Little Green Boat

Spruce visited Japan and Alaska in 2018 after time spent in the South Pacific, NZ, Australia and Asia.

24 May 2020 | Rikitea - Gambiers - French Polynesia
24 May 2020 | Rikitea - Gambiers - French Polynesia
16 May 2020 | Taravai - Gambiers - French Polynesia
06 May 2020 | Rikitea - Gambiers - French Polynesia
08 April 2020 | Rikitea - Gambiers - French Polynesia
02 April 2020 | Still On Passage
30 March 2020 | Still On Passage
26 March 2020 | On Passage - Mexico to South Pacific (Day-15)
24 March 2020 | On Passage - Mexico to South Pacific (Day-13)
23 March 2020 | On Passage - Mexico to French Polynesia (Day-12)
22 March 2020 | On Passage - Mexico to French Polynesia (Day-11)
21 March 2020 | On Passage - Mexico to French Polynesia (Day-10)
20 March 2020 | On Passage - Mexico to French Polynesia (Day-9)
19 March 2020 | On Passage - Mexico to French Polynesia (Day-8)
18 March 2020 | On Passage - Mexico to French Polynesia (Day-7)
17 March 2020 | On Passage - Mexico to French Polynesia (Day-6)
15 March 2020 | On Passage - Mexico to French Polynesia (Day-5)
15 March 2020 | On Passage - Mexico to French Polynesia (Day-4)
14 March 2020 | On Passage - Mexico to French Polynesia (Day-3)
13 March 2020 | On Passage - Mexico to French Polynesia (Day-2)

Awaiting Suppplies

24 May 2020 | Rikitea - Gambiers - French Polynesia
Sue & Andy
Sue takes a look in the kitchen at Philippe's, the local Brioche Baker's establishment. As one taps away at a keyboard, using his wifi connection, the enveloping aroma of freshly baked loaves is ambrosial. There is also a baguette baker in Rikitea. To secure loaves for breakfast requires a 5am collection. With an eye to potentially expanding waistlines, we are rationing ourselves strictly on portions of French style breads and pastries.
At the moment a Maramu wind is blowing a stiff breeze from the south. This will back into the south-east and then east over next 3 days, but remain at around 20-25 knots strength. Sporadic rain squalls bring stronger blasts of wind, sometimes at 30+ knots. As the winter closes in, the Inter Tropical Convergence Zone (ITCZ) near the equator moves farther north and, in tandem, the westerlies in the southern ocean come closer. Even though we are at the latitude of the Tropic of Capricorn,the interaction between huge winter depressions down south, and the trade winds to the north cause these intervals with stronger winds. Accompanying the breeze are 3-4m swells pushing north from the awesome oceanic expanses towards Antarctica.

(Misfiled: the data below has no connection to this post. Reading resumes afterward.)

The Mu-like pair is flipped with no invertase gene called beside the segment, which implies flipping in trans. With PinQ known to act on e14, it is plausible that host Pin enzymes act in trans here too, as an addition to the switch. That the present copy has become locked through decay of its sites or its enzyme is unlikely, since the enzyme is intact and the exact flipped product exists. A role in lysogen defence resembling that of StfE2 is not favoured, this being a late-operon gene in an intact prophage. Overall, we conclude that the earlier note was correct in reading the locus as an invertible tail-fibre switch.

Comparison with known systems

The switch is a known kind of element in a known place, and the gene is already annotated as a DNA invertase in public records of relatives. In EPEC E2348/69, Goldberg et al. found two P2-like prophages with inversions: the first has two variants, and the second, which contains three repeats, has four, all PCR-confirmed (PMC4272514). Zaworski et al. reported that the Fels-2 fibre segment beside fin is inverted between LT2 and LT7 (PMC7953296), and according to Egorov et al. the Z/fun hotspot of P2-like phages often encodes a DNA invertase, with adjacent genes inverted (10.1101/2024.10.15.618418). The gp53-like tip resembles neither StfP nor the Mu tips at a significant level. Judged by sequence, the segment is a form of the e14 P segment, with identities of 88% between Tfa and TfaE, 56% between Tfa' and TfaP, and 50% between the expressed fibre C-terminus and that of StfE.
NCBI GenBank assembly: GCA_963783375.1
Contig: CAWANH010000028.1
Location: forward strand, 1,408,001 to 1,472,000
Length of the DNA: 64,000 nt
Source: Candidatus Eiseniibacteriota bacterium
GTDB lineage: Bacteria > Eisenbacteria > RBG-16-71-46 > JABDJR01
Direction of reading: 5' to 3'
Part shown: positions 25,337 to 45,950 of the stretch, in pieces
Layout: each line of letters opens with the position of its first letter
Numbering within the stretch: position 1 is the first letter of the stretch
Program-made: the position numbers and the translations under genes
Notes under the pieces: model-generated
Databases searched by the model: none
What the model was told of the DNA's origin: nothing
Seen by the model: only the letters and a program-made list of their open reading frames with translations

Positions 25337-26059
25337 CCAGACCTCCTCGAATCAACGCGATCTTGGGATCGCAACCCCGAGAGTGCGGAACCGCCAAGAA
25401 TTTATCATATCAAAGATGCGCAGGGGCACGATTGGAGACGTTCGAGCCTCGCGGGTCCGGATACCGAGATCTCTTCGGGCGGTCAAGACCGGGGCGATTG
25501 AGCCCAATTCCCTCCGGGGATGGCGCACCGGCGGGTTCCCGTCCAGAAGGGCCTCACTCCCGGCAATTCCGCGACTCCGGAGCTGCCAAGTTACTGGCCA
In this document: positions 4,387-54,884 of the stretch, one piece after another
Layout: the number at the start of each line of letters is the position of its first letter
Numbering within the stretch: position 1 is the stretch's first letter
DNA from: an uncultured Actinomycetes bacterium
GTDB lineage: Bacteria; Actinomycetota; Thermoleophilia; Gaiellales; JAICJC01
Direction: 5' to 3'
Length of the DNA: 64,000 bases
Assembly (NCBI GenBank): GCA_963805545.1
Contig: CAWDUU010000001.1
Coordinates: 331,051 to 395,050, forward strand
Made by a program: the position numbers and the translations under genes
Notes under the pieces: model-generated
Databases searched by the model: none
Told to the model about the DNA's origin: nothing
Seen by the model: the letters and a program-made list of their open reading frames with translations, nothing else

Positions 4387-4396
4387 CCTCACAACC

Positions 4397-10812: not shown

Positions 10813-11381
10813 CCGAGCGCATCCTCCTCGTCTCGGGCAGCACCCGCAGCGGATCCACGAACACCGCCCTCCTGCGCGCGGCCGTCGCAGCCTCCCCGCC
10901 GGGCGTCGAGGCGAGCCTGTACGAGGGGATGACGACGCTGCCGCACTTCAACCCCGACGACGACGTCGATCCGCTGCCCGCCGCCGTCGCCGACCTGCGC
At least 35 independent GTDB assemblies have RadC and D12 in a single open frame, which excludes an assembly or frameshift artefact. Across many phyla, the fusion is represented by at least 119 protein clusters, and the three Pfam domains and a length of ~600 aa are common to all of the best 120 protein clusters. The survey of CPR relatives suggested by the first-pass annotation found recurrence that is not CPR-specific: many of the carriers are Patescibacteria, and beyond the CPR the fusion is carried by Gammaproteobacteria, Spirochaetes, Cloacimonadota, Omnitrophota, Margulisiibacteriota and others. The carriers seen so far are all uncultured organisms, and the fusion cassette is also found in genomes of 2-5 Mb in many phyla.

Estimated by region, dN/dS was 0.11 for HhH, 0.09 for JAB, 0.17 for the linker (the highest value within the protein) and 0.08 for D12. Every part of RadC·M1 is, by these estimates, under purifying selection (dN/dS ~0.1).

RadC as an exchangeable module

This oceanic archipelago is remote, situated some 900-miles SSE from Tahiti, the administrative centre of French Polynesia. Chile lies 3,500 miles to the east, New Zealand off to the WSW 2,600 miles. The closest neighbour is Pitcairn Island only 300 miles in the direction of South America. A mostly submerged fringing reef with a few motus (islets) provides an excellent breakwater for the scattering of islands sheltered within. The largest Gambiers island, Mangareva, is where the main village of Rikitea nestles at the foot of a steep rocky hill. Trees hug the slopes in a pleasant array of shapes and textures: pines, mimosa, and nearer to houses shiny dark-leafed breadfruit deliver a marked contrast in late afternoon sunshine. To the south of the anchorage Mount Duff overlooks a bunch of yachts patiently awaiting arrival of the next supply ship.

Awaiting Suppplies (cont)

24 May 2020 | Rikitea - Gambiers - French Polynesia
Sue & Andy
The last visit by MV Taporo, one of the two supply ships that service Rikitea, was around 3-weeks ago. On the last visit we bought a 200-litre drum of diesel fuel; this was decanted into jerry cans to transport back to Spruce using our dinghy. The vessel has a large tank of diesel on board, that is pumped into (what looks like 500-litre) containers to be transported to the local electricity generating station. Sailboats who want fuel must buy in 200-litre units. Typically a number of crews from smaller boats will get together to share the minimum quantity. We carefully planned usage and emptied jerry-cans to accommodate the full amount.
The next arrival of the Taporo will follow close on the heels of a sister ship, the NukuHau. Our replacement rigging wire, swaged and constructed in Tahiti, is reported by the rigger to be aboard for our collection. Payment for an order for our new autopilot has gone through successfully. That item will arrive in Tahiti at the convenience of the shipping gods....then to be onward sent with a future Taporo schedule to get it brought to The Gambiers for us to install.
The restrictions on inter-island travel within French Polynesia have been lifted. We understand that cruising will be possible providing the authorities at the intended destination island are willing to accept visiting boats traveling from locations within French Polynesia. Apparently, new arrivals from outside French Polynesia must make Papeete in Tahiti their first port of call. Information continues to be vague with detail filtering through gradually, rules governing the revised situation should become clearer in the coming days. It expected that many of the thirty-five cruising boats presently in The Gambiers will sail north for the Tuamotus and warmer climes.
In the meantime, once we have installed the rigging wire, we shall be able to cruise the local archipelago and visit some of the more remote anchorages... as weather permits.